History 1920-1939


The 1920’s (the “Roaring Twenties) was a time of prosperity and new opportunities for young women. The most important event for women was on August 6, 1920, when the 19th Amendment to the Constitution, granting women the right to vote, was signed into law. In 1929, women earned 39% of the college degrees earned in the United States. Noted suffragist, Alice Paul, proposed the Equal Rights Amendment, which failed to be ratified and Carrie Chapman Catt formed the League of Women Voters. Other notable women include:
• Gertrude Ederle was the first woman to swim the English Channel.
• Helen Wills was the 7-time singles tennis champion of the US Open and 8 time
champion of Wimbledon.
• Women compete for the first time in Olympic field events.
• Dorothy Parker was a popular poet and witty screenwriter.
• Zora Neal Hurston became a famous Renaissance writer.
• Edna St. Vincent Millay, feminist and poet who was the third woman to receive
the Pulitzer Prize.
• Artist Georgia O’Keefe gains popularity.
• Nellie Tayloe Ross, from the state of Wyoming, becomes the first woman
governor in the United States.

The Zonta Club of St. Louis was organized as a member of the Confederation of Zonta Clubs on November 13, 1925. Twenty-two St. Louisans were invited as eligible for membership. Three representatives of the Confederation were present. The club was the first club west of the Mississippi River. Within six months the club gave their first contributions for charitable work. An interesting planned service project was to adopt a baby. The project was abandoned because legally a group of women could not do so. Other club activities included:
• Raising funds for service projects through card parties. Money raised was used to build and equip a cabin (named Zonta Cabin) at the Girl Scout Camp and guaranteed the maintenance of one scout each week during the eight-week period of the Camp.
• In 1929, the American Society of Mechanical Engineers invited Miss Amelia Earhart to St. Louis to tell them of her experiences on her transatlantic flight. Miss Earhart, a member of the Boston Zonta Club, replied that she would come only on the condition that St. Louis Zontians were included in the invitation.


The Great Depression essentially ended the economic gains made during the 1920s. By 1932 there was a shortage of jobs and women were discouraged from “taking jobs” from men. Some states passed laws against hiring women. But despite low wages and miserable conditions, women had to work to support their families. By 1938 more than eight hundred women belonged to unions and in spite of the economy women continued to excel:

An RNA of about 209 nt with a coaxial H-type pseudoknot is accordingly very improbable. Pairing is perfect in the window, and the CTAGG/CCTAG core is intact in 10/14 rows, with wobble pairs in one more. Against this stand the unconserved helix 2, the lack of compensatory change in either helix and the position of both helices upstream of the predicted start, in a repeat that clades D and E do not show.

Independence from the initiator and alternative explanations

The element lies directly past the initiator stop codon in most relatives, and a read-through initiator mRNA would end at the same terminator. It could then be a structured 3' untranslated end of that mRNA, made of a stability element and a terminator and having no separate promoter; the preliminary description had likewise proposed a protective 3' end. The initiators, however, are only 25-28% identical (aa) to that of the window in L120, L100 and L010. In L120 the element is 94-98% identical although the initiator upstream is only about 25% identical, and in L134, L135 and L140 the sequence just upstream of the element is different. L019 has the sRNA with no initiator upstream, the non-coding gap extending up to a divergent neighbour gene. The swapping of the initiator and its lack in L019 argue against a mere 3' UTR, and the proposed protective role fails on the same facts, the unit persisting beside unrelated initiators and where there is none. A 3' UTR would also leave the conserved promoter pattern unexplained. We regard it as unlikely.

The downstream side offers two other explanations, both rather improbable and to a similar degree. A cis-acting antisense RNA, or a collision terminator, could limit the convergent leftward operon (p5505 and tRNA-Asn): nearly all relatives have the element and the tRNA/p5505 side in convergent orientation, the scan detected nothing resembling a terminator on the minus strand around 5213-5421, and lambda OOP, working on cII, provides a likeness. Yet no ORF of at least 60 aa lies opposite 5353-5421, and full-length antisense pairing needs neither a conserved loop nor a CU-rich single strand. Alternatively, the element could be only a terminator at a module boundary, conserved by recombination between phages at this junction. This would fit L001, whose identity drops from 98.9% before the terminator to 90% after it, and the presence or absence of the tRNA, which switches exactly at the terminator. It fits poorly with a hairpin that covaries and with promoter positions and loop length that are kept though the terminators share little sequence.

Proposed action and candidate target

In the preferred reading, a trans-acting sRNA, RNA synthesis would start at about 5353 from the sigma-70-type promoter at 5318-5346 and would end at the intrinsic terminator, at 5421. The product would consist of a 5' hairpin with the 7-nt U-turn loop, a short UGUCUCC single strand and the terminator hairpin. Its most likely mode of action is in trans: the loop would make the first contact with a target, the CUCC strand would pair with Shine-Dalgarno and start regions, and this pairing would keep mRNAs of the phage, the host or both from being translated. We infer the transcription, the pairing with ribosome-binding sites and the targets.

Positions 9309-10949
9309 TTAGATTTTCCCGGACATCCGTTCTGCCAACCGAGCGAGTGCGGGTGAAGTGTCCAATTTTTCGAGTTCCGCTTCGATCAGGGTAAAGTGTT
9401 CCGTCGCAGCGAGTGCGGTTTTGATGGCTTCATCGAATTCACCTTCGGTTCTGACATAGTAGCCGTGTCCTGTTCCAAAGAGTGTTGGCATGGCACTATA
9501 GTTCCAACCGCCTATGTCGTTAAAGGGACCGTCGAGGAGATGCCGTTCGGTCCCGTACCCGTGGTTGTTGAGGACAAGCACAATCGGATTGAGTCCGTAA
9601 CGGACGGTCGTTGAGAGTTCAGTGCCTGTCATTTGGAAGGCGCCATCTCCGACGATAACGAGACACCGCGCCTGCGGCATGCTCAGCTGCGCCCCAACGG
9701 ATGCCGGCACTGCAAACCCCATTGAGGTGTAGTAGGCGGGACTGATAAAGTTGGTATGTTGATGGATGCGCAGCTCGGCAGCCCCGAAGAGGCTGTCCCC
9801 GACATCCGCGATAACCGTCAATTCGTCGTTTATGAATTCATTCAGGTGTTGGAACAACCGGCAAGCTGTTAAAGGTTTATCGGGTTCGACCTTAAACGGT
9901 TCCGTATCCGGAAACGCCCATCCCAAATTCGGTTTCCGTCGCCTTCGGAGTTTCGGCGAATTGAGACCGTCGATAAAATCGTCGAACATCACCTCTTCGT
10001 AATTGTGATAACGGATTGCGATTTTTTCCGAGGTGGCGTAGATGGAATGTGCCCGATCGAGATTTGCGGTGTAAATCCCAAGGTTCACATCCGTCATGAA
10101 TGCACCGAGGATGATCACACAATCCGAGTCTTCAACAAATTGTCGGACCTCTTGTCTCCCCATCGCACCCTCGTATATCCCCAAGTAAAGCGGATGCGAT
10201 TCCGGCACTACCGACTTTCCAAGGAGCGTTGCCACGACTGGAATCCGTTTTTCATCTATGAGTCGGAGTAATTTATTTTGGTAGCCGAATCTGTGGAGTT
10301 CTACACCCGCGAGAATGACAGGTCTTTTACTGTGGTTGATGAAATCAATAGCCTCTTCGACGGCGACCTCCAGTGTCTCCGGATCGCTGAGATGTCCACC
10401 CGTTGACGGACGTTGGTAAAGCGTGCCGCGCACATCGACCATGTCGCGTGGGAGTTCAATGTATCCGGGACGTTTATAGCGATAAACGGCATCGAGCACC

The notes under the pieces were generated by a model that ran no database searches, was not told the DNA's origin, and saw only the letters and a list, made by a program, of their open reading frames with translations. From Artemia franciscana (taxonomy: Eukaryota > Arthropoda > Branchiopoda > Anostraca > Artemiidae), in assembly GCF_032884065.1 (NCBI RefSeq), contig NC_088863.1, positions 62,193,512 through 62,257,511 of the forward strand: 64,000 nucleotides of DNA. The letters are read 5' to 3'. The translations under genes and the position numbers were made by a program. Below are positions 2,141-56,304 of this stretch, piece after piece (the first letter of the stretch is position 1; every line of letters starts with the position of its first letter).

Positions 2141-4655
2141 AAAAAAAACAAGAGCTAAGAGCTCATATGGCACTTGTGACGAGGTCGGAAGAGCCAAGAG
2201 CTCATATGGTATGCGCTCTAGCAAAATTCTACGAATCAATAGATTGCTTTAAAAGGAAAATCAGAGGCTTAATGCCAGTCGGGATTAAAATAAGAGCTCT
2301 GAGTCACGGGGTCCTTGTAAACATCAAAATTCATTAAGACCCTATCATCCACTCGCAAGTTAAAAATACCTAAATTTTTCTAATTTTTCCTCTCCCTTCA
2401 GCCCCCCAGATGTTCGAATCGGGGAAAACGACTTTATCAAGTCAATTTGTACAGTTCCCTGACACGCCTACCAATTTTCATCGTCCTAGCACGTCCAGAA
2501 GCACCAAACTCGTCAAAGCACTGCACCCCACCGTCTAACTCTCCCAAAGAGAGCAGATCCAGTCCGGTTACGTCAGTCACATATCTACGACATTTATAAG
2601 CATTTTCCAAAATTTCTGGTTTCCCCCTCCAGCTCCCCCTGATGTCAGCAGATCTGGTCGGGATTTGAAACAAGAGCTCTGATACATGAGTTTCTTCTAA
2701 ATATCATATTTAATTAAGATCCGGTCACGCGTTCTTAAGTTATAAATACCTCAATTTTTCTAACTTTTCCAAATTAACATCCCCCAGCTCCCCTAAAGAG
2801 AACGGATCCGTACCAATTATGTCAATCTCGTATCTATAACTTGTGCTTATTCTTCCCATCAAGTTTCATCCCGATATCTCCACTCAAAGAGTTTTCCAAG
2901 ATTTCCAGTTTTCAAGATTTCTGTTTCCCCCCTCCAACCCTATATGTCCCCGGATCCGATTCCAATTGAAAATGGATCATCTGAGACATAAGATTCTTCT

• Jane Addams, the first woman to win the Nobel Peace Prize for her work with the poor in Chicago.
• First Lady Eleanor Roosevelt holds her own press conference, allowing only women reporters to attend.
• Francis Perkins becomes the first US cabinet member as Secretary of Labor.
• Hattie Wyatt Caraway of Arkansas becomes the first woman elected to the US Senate.
• Marian Anderson sings at the Lincoln Memorial.
• In 1932, Amelia Earhart, a Zontian, becomes the first woman to fly solo across The Atlantic Ocean. She disappeared in 1937 while attempting to circumnavigate the
globe. A great loss for Zonta and the world.

The education of young women was important to the club and during the lean years of the Depression, funds were used to assist high school girls by providing lunch money, car/bus fare, and a few needed clothes. One girl was given, upon graduation, a scholarship to Rubicam Business College. (Note: Upon graduation, the girl was immediately placed in a secretarial position and paid the club back money advanced to her training.) In 1939 the club held a vocational conference for Senior high school girls and their parents. The purpose of the conference was to help girls decide on a career by talking to the women executives present who represented fifty occupations. Four girls were placed in jobs immediately as a result of that meeting. During the difficult times following the 1929 stock market crash, the Zonta Club of St. Louis continued serving the community by assisting other organizations:
• A stove was given to the Salvation Army.
• Crippled Children’s Hospital was given aid.
• In 1932 Zonta International accepted the club’s invitation to hold the twelfth annual International Convention in St. Louis.